By staying at the Edward Harris House Bed and Breakfast in Rochester, N.Y., I was going outside my comfort zone. How far outside? Try from one side of the English Channel to the other. All right, I exaggerate. A little.
When I’m looking for overnight accommodations, I’m drawn to bed-and-breakfasts. When I’m looking for bed-and-breakfasts, I’m drawn to anything British.
But then I came across the circa 1896 Edward Harris House and its sweet-looking Madelyn room, described online as a “light and airy French-inspired room.” I fell a little in love with it — the fireplace, the wrought-iron bed (French, of course).
After a quick mental apology to Queen E., I had no reservations about making a two-night reservation.
Ah, mon cheri, she was beautiful.
The centerpiece, of course, was that gorgeous bed. Just as swoon-worthy: the original French doors across from the foot of the bed. I could imagine them opening onto my own little Parisian terrace. Instead, they led to the bathroom. A girl can dream, right?
But a lovely bathroom it was, equipped with all the niceties that make being on the road feel a little more like home, if not better. I discovered Gilchrist & Soames toiletries, a towel warmer (which I tried and failed to get to work, though the effort was a bit half-hearted), a jar with cotton swabs, a black makeup cloth and a full-size bottle of banana-vanilla lotion that I didn’t hesitate to use in large quantities.
The interior, with decor that felt French, was undeniably enchanting, but hunger pangs and the lovely Upstate New York weather lured me outdoors to explore the surrounding leafy, restaurant-laden Park Avenue neighborhood. After I finished dinner at a ramen joint just a few blocks away, I walked around admiring all the other late 19th- and early 20th-century mansions, many of which have been converted into apartments or condos.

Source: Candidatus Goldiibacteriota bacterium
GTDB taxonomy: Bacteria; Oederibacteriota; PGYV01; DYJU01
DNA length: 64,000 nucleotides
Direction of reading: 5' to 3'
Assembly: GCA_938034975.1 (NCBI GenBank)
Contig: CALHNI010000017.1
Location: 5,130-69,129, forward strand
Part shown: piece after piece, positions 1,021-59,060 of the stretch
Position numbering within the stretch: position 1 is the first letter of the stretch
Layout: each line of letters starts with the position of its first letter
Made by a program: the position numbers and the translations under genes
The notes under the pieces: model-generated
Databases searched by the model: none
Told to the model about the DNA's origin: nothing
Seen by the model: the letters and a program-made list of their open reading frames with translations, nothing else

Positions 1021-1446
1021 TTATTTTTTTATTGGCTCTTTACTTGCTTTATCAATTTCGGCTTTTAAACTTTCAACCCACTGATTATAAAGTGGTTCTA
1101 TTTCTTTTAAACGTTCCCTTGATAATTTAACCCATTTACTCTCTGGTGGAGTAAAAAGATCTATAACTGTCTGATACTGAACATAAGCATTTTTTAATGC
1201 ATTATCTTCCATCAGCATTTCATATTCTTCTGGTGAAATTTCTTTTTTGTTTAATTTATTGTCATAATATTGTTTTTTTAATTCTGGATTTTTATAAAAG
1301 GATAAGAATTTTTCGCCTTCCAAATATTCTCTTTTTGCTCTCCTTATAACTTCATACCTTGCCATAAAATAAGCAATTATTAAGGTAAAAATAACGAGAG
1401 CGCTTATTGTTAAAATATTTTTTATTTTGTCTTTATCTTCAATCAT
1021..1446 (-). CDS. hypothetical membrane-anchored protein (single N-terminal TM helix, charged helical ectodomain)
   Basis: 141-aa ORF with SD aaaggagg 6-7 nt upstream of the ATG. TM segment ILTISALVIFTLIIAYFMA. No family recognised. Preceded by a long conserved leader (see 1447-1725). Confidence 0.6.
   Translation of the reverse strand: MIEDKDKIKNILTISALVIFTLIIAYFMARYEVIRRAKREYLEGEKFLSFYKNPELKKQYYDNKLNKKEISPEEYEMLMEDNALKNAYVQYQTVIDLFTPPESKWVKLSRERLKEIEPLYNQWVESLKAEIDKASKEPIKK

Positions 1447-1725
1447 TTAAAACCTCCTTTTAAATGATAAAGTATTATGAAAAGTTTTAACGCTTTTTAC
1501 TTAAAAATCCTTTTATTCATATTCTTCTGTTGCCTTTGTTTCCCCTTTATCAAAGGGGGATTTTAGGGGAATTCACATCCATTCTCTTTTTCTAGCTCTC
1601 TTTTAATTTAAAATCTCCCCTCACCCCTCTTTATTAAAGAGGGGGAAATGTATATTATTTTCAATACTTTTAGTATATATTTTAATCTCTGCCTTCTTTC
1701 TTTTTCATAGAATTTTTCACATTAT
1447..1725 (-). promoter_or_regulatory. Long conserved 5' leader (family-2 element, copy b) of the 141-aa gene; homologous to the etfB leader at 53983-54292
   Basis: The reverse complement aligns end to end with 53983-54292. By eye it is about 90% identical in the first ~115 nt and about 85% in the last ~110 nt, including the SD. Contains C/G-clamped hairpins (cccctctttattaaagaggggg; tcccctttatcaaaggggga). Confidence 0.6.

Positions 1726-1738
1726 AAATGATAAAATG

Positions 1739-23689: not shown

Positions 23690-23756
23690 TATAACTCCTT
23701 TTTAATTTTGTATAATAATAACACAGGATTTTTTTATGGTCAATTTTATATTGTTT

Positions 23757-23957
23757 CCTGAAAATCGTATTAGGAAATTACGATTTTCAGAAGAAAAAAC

The B&B welcomed me back with soft music and a jar of chocolate chip cookies in the elegant periwinkle-walled living room.
Further culinary delights greeted me the next morning, as the innkeeper, Heather Ingianni, whipped up quite possibly the most gorgeous omelet I’ve ever eaten. The next morning, she brought out a baked French toast that she said she was making for the first time.
We chatted about all kinds of things in between courses and her kitchen duties. She told me about the chickens she was raising, and I told her about all my sightseeing plans in Rochester. She endorsed the top item on my agenda, the George Eastman House, the nearby lavish estate built by the Kodak founder.
Reluctant to leave after being made to feel so comfortable and spoiled, I didn’t want to say goodbye. Somehow, au revoir was a little bit easier.Edward Harris House Bed and Breakfast: www.edwardharrishouse.com